But few people know about how a young man entered their life and changed the dynamics of their family and their hearts forever. When Mike was playing for the Titans, Javonda worked with other players and coaches wives in the Titans Women’s Association doing service projects in the community. One day while working with the association a fellow member gave Javonda a fax. The fax, from the Department of Human Services, detailed the needs of an at risk youth in the inner city. “I talked to a social worker who said this young man whose name is Steven had been taken from his mother’s care because she was an alcoholic and an IV drug user and he was now living with his aunt.” Javonda added that at 6’4 and 185 pounds Steven stood head and shoulders above his junior high classmates. He needed clothes and the social worker who had contacted the Titans Association wanted to know if any player had clothing they could hand down to Steven. “I told Mike about it and that night we started getting clothes together for him.” While they were packing Mike said something that would change everything. “He looked at me and said ‘you know this kid is going to come and live here with us’ there was no question in his tone. Mike just knew without even meeting this boy that he was going to be ours.”
Mike and Javonda had always worked with inner city kids in every state they lived and knew first hand how bitter and angry these children can be but there was something different about Steven. “After all this child had been through he was polite and gracious. He humbled all of us.” What started out as a gift of clothing evolved into mentoring, tutoring and several trips to see the Titans play. Shortly after their mentoring relationship began word came from Steven’s aunt who was a single mom- that she could not afford to feed Steven anymore and because of his size and lack of space in a traditional boy’s home, Steven would be placed in a facility for offenders. Javonda says, “They couldn’t find a foster home to take him in because of his size. He was intimidating. But if they would have let him open his sweet mouth they would have seen what we did.” The Jones were not going to let this happen.
“Courtney was two, Mike was one and all we knew to do was pray about it. We just couldn’t let him go. He was our boy now.” After many late nights talking, Mike and Javonda called social services and made them aware of their decision.
Little did they know moving him in was the easy part. “That first year was like having a new baby in the home. It was an adjustment. We had to hold him when he woke up crying.” Both Mike and Javonda agree that the hardest part for Steven was the guilt he felt over not being able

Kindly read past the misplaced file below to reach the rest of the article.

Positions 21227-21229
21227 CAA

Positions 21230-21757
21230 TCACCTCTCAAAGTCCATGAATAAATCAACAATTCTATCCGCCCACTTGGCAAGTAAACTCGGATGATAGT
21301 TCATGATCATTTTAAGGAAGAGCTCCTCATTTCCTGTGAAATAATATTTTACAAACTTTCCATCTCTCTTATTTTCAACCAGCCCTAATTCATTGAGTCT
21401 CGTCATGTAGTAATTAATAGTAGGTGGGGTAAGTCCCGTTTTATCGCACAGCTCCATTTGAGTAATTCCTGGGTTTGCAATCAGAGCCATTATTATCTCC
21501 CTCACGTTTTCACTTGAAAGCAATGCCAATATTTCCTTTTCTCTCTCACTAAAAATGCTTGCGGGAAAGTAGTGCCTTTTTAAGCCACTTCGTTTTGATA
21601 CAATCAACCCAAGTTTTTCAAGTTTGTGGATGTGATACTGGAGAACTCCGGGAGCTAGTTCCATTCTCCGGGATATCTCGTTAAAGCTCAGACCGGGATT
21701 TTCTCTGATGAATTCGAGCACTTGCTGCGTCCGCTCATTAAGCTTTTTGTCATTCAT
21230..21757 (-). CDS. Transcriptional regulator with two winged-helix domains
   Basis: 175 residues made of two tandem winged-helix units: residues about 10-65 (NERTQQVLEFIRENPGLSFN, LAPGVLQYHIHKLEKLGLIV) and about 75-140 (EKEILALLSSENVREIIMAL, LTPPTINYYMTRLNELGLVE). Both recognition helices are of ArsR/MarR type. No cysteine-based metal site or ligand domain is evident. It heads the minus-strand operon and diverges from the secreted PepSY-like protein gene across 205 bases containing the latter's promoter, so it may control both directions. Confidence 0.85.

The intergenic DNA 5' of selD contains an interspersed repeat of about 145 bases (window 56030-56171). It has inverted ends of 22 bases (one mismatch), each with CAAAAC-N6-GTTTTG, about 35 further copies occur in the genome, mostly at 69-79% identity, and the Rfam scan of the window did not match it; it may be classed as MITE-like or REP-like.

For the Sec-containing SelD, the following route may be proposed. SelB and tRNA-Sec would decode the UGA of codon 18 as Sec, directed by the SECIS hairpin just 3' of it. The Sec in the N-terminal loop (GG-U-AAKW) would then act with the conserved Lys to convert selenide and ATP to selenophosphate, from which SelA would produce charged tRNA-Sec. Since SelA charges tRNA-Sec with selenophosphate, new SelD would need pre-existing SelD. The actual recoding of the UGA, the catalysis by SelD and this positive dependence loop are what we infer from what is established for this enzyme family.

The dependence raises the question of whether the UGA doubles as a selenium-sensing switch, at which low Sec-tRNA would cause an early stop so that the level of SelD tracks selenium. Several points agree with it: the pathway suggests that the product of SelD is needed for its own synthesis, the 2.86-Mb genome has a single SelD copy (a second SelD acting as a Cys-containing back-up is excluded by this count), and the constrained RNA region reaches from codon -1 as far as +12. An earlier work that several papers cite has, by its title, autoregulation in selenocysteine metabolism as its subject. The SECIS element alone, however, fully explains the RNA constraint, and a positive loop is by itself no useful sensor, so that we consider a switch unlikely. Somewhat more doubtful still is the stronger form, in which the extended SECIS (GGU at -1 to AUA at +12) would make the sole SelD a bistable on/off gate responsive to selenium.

to take care of his mother. “He never had the chance to be a kid. He had been a caretaker. It was our job to help him through this and let him know we weren’t going anywhere and we were right there with him.”
Mike also makes clear it’s not just he and Javonda that helped Steven get through those first few months, “We are a faith based family so we showed him how beneficial it is to hand those fears over to God and when he did that we could see the light in his eyes again and man what a feeling that was!”
A lot has changed since that first year with Steven. Aja, the baby of the clan, was born in 2001. The family built their dream home in Lebanon nearly six years ago. Steven graduated from High School in Brentwood, Tennessee where Mike coached Steven as the defensive line coach on the school’s football team. Coincidentally that was the year Brentwood High School won the State Championship against Riverdale High School. In 2007, Steven received his Bachelor of Science degree with a double major in Communications and Public Relations from University of Tennessee Knoxville where he also played offensive lineman on the football team.
All four children love sports and Courtney-the oldest of the girls has shown some talent of her own on the football field when she had the opportunity to sing the National Anthem for a crowd of more than 40,000 people before a Saint Louis Rams game in early 2008.
Mike and Javonda make no bones about it, They LOVE Lebanon! And according to Mike the reason for their fondness of this community is quite simple, “it’s been a shock to us how much we love it here but it’s the people that make it home for us. They [the citizens of Lebanon] are great! They are the most kind and loving people you could hope to live close to. We’re just glad to be here.”
We’re glad you’re here too Mike!